and the compiler would automatically insert `foo` wherever a translation
from [a] to [!a] was needed.

But the question I posed still basically applies: How in the world can the
compiler know what `foo` should look like for *any* type? Say, `IO !a`? Or
`forall a. Typeable !a`? etc.


>  - While technically speaking a "strict type" does not make sense in the
> return, an evaluated type does, and it is my feeble understanding that
> being strict in an argument is equivalent to requiring evaluation of the
> argument before evaluating the function. So if we redefine `!a` from
> "strict a" to "evaluated a", it does what we want in argument positions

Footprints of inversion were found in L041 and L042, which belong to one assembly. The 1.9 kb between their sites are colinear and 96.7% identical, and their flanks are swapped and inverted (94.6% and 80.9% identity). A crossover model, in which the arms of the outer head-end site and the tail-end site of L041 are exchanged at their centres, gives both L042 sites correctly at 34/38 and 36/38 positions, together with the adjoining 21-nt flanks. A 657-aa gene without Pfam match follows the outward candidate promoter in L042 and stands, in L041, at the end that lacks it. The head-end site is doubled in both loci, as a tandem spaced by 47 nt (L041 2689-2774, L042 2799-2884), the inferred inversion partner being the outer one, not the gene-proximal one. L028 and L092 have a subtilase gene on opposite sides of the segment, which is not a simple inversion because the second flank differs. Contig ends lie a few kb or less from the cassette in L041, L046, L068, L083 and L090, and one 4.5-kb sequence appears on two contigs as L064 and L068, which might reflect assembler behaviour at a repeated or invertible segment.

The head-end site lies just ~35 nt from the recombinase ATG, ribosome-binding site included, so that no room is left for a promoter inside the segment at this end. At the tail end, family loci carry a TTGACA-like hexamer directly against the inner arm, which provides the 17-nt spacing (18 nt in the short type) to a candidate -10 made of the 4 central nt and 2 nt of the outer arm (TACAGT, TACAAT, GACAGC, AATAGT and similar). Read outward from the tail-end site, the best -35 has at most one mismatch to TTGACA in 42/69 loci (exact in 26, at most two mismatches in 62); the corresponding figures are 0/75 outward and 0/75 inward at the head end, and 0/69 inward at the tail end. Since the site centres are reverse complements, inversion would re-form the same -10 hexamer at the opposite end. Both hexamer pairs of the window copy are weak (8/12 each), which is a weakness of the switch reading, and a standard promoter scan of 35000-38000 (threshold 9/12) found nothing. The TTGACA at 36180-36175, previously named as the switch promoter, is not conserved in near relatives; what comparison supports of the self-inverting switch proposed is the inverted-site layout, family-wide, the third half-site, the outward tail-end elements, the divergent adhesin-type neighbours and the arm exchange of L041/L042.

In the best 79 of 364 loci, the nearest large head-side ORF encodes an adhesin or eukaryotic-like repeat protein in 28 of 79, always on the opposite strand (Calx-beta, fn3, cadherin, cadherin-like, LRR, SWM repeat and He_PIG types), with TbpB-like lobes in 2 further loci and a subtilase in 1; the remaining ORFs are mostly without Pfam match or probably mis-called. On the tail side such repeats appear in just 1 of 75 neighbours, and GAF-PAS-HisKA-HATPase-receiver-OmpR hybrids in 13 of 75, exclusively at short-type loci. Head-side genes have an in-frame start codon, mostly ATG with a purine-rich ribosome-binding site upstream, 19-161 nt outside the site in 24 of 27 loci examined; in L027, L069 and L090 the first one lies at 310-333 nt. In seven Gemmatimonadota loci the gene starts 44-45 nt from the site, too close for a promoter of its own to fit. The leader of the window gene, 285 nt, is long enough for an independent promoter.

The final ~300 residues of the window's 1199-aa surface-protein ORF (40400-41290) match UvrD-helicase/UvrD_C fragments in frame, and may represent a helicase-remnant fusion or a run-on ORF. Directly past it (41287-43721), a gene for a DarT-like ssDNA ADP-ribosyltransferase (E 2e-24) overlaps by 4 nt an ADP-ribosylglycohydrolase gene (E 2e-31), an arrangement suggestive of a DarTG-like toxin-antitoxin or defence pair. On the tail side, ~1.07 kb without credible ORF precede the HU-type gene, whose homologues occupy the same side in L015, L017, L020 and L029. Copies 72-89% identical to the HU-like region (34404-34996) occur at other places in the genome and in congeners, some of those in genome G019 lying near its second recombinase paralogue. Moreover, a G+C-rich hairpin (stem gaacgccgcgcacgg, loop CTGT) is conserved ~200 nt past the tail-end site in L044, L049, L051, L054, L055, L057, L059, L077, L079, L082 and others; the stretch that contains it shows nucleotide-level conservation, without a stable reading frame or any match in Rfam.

> while also making sense in returns, so that we can have `seq' :: a -> !a`.
> But as I think about it, while that makes sense, it is also pointless: if I
> have `f :: a -> Int; f = const 0`, `f . seq'` will happily never evaluate
> its argument, since it will never try to evaluate `seq'`. In a strict
> functional language, evaluation is only forced when something is passed as
> a function parameter; I see no need to show evaluation in returns because
> it will be overridden by laziness in the function application itself.
>

Yep, that's what I was referring to. Thanks for the example :)



>  ------------------------------
> *From:* ghc-devs-bounces at haskell.org [ghc-devs-bounces at haskell.org] on
> behalf of G?bor Lehel [illissius at gmail.com]
> *Sent:* Monday, May 06, 2013 7:14 PM
> *To:* Johan Tibell
> *Cc:* Max Bolingbroke; ghc-devs at haskell.org
> *Subject:* Re: Implementing Strict Core
>
>
>
> On Thu, May 2, 2013 at 6:30 PM, Johan Tibell <johan.tibell at gmail.com>wrote:
>